"We're taking what was previously disjoint and creating somewhat of a mash-up of network intelligence," explained Kozup. "For example, take a large network with hundreds of Cisco Unified Wireless Network Controllers. Each application had to poll every controller, adding load across the network. Now we can streamline that communication by letting applications interact only with the MSE. This lets controllers do what they do best, while making network intelligence available in a consistent way."

The MSE is a modular services platform with a north-bound API (based on SOAP XML). Bus-based architecture and clustering make the platform scalable, while mobility service modules make it extensible. An "abstraction layer" inside the MSE uses the IETF CAPWAP protocol to interact with network elements, letting applications be more transport-independent.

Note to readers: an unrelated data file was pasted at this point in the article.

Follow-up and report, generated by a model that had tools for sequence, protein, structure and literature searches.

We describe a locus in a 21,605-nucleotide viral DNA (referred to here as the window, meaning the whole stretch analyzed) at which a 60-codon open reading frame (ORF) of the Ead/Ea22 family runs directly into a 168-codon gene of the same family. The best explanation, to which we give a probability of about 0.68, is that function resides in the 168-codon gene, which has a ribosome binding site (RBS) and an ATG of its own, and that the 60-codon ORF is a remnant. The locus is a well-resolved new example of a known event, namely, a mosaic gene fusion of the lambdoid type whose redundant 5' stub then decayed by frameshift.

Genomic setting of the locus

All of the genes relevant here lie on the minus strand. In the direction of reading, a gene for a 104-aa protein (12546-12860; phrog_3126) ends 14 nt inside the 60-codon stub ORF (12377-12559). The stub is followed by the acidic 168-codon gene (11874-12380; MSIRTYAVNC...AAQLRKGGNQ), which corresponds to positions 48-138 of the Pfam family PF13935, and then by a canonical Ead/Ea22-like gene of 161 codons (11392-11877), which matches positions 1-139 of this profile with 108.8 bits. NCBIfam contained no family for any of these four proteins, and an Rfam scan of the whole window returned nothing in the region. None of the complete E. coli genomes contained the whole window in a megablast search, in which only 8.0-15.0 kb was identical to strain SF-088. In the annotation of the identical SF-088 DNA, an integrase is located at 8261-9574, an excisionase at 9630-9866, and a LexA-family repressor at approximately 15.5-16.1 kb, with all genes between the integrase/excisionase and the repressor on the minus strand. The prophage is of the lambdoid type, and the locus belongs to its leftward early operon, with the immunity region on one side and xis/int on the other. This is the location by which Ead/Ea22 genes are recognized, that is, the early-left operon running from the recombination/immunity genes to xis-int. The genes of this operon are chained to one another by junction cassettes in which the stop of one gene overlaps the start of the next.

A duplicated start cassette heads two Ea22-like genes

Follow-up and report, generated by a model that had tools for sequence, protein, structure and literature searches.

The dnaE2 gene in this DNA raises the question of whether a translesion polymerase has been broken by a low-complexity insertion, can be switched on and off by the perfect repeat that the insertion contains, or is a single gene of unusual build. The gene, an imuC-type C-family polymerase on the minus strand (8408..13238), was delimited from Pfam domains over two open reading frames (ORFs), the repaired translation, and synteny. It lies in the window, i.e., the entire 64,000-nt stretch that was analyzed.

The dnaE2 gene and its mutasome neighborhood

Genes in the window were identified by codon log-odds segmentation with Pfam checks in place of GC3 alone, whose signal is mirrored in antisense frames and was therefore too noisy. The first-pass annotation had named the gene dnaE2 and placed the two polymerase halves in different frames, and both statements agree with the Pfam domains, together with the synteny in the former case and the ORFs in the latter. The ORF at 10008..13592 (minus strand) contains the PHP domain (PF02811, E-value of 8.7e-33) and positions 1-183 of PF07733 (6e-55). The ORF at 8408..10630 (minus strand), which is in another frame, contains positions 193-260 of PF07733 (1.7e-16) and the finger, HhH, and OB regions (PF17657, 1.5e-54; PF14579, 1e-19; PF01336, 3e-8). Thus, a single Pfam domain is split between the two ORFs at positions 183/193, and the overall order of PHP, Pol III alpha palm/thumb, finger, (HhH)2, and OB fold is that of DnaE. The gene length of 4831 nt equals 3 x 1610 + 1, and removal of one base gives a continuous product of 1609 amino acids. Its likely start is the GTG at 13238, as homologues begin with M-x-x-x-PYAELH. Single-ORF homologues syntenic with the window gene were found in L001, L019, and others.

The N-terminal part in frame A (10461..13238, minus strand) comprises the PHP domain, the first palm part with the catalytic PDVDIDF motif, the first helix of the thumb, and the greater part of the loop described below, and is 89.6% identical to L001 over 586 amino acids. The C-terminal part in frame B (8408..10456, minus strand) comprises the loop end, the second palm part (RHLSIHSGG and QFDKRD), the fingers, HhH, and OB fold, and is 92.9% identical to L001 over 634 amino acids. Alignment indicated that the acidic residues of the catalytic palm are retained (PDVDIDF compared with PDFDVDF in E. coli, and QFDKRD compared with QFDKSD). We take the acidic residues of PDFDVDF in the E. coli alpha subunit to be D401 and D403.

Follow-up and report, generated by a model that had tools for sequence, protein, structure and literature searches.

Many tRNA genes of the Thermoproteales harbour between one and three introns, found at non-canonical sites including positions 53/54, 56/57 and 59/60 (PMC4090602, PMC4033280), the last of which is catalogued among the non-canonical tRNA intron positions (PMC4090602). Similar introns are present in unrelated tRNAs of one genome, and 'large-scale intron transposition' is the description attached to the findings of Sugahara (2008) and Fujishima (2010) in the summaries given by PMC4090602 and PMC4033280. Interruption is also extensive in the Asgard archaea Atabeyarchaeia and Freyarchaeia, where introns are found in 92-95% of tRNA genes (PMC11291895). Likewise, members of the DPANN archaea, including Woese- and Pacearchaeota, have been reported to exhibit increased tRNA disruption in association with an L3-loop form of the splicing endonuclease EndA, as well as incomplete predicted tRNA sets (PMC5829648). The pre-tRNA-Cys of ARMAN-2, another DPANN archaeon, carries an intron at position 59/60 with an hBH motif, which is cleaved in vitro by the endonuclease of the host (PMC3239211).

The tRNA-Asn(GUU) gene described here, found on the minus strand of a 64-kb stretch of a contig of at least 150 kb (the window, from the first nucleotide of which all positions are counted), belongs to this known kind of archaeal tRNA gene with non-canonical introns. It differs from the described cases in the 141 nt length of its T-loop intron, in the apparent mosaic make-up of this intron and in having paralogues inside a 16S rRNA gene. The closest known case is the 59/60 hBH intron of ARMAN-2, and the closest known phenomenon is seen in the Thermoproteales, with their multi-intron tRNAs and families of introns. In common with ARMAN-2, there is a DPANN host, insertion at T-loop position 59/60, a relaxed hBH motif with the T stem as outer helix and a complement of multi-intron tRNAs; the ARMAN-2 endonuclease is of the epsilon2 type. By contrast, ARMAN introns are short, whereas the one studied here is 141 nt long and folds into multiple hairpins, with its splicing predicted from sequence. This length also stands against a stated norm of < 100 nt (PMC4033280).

"You might ask: Why can't you just do this in the controller?" said Kozup. "The controller optimizes rapid delivery of packets, but it is not designed to be a service delivery platform. It doesn't have the computational power that locationing requires or the capacity to store historical data, like intrusions." Moreover, when Cisco extends mobility services beyond Wi-Fi, the MSE will be in a better position to broker application queries for each network/device.

Going above and beyond

Despite its central role, the MSE is just a platform.

"The MSE is essentially a blank canvas--the greatest functionality will come from the mobile services that we can provide," said Kozup. "Cisco could deliver many applications, but our partners and our customers must be able to deliver their own applications."